Psychiatric evaluation

Psychiatric evaluation is made to detect underlying cause of constipation. Previous history of sexual abuse, violence, trauma, fear or unusual attitude towards bowel motions, depression and eating disorders have to be ruled out or detected.

Anorectal function tests

Anorectal function tests may be advised to detect increased muscle tone of the anus sphincter. Tests include Manometry for Hirschsprung’s disease and Electromyography for spastic pelvic floor dysfunction. Rectal mucosa may be taken for biopsy to examine for abnormalities.

Causes of Constipation

The exact cause of constipation is not clear. However, there are several factors that may lead to an increased risk of constipation.

Some of these are irreversible for example age, pregnancy status and post-operative constipation. Some of these, however, are preventable by adopting life style and dietary modifications.

Risk factors for constipation

Causes and risk factors associated with constipation include:-

  • Lack or inadequacy of fibres and fluids in diet. Fibres are included in fruit, vegetables and cereals
  • Avoiding or delaying urge to pass stools. Having limited privacy for passing stools and using a community toilet (in schools, hostels or dormitories etc.) could be a reason for exacerbation of constipation.
  • Certain medications may lead to constipation as a side effect. Some of the medications that may cause constipation as a side effect include aluminium containing antacids, antidepressants, antiepileptics, tranquillizers, opioids like codeine, morphine etc., antipsychotics used in schizophrenia and other mental health conditions, calcium and iron supplements, diuretics etc.
  • Mental ailments like anxiety disorders and depression. Psychiatric problems, such as ones that result from sexual abuse, violence or trauma may also lead to constipation in the short as well as long run. Mental retardation, Down’s syndrome and other congenital conditions that lead to mental retardation are also associated with constipation.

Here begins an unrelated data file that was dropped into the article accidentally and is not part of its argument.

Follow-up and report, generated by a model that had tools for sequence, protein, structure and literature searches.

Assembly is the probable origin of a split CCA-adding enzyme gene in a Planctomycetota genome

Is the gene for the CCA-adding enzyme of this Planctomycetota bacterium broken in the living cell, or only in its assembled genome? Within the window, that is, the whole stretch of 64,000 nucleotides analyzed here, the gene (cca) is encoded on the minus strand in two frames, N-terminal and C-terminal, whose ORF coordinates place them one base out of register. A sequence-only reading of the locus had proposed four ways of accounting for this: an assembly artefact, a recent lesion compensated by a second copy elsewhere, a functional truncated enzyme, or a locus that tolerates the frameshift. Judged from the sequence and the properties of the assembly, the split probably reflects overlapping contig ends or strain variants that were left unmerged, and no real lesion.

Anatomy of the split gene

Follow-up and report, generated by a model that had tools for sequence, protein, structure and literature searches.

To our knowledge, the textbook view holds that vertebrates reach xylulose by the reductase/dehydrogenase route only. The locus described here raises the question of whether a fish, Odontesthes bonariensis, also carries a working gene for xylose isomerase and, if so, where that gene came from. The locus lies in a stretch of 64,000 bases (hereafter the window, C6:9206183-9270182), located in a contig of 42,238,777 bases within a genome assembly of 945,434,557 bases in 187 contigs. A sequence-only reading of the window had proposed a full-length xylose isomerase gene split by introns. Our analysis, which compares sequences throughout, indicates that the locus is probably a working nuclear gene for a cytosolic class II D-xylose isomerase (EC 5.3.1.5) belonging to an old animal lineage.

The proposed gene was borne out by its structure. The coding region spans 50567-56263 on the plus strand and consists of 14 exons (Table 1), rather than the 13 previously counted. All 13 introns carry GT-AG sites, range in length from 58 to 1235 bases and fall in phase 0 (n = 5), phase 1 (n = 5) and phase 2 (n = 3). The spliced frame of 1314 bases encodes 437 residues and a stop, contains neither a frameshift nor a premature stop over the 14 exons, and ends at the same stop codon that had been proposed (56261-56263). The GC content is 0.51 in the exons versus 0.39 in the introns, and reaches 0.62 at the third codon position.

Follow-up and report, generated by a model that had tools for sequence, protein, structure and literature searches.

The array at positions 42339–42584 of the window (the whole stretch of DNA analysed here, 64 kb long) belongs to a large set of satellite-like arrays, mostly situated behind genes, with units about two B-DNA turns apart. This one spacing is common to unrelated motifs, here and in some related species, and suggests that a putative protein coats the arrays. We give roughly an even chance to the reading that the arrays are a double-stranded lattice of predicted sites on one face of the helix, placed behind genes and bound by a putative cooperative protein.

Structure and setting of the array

• Elderly over the age of 55. Older people are five times more likely than younger adults to get constipated. This is due to slow bowel movements, use of multiple medications as well as a relatively sedentary life.
  • Pregnant women - Approximately 40% of pregnant women experience constipation during their pregnancy.
  • Sedentary life and lack of exercise. Regular activity and physical fitness is important for normal bowel motions.
  • Recent abdominal or pelvic surgery
  • Terminally ill patients
  • Being underweight or overweight is also a risk factor for constipation
  • Travelling involves change in dietary habits and this may lead to constipation
  • Abuse of Laxatives is a common cause of recurring constipation
  • Constipation may also result due to gastrointestinal conditions like inflammatory bowel disease, irritable bowel syndrome, colon or rectal cancer and anal fissure.
  • Diabetics, those with high blood calcium levels, underactive thyroid functions, muscular dystrophy, Parkinson’s disease, Alzheimer’s disease, multiple sclerosis or spinal cord injury may also develop constipation

Constipation in infants and children

Constipation is common among infants and young children. Possible causes include lack of fluids in diet, lack of fibres, over feeding, malnutrition etc.

Another problem is inadequate and faulty toilet training. The child should not feel stressed or pressured about using the toilet. Constantly intervening while the child is using the toilet interferes with passing stools and may lead to constipation.

Phobia of toilets and using the toilets also plays a role in childhood constipation. The fear may result from the pain when passing stools. This leads to poor bowel habits when the child ignores the urge to pass stools and withholds the stools for fear of experiencing pain and discomfort. This worsens the condition.

Some disease conditions also lead to constipation among which is Hirschsprung’s disease, anus and rectum deformities at birth and spinal cord abnormalities at birth and cystic fibrosis.

Constipation Treatments

Treatment for constipation is dependent on the cause of constipation, how long the condition has been present and the severity of the symptoms. However, basics of treatment are similar for most cases.

In a large majority of cases it is possible to relieve symptoms through dietary and lifestyle changes alone. Management of constipation involves the following steps and measures.

Lifestyle and dietary changes

Some of the major lifestyle changes advised are those suggested for prevention of constipation. These measures can prevent recurrence of constipation as well. They include:-

  • Including enough fibres in diet - Fibres are available in fruits, vegetables, whole grain rice, whole wheat bread, whole wheat pasta, seeds, nuts, oats, pulses etc. It is recommended that a person needs at least 18 to 30g of fibre a day. Some bulking agents like wheat bran may be added to the diet to increase the bulk of the stools and facilitate passage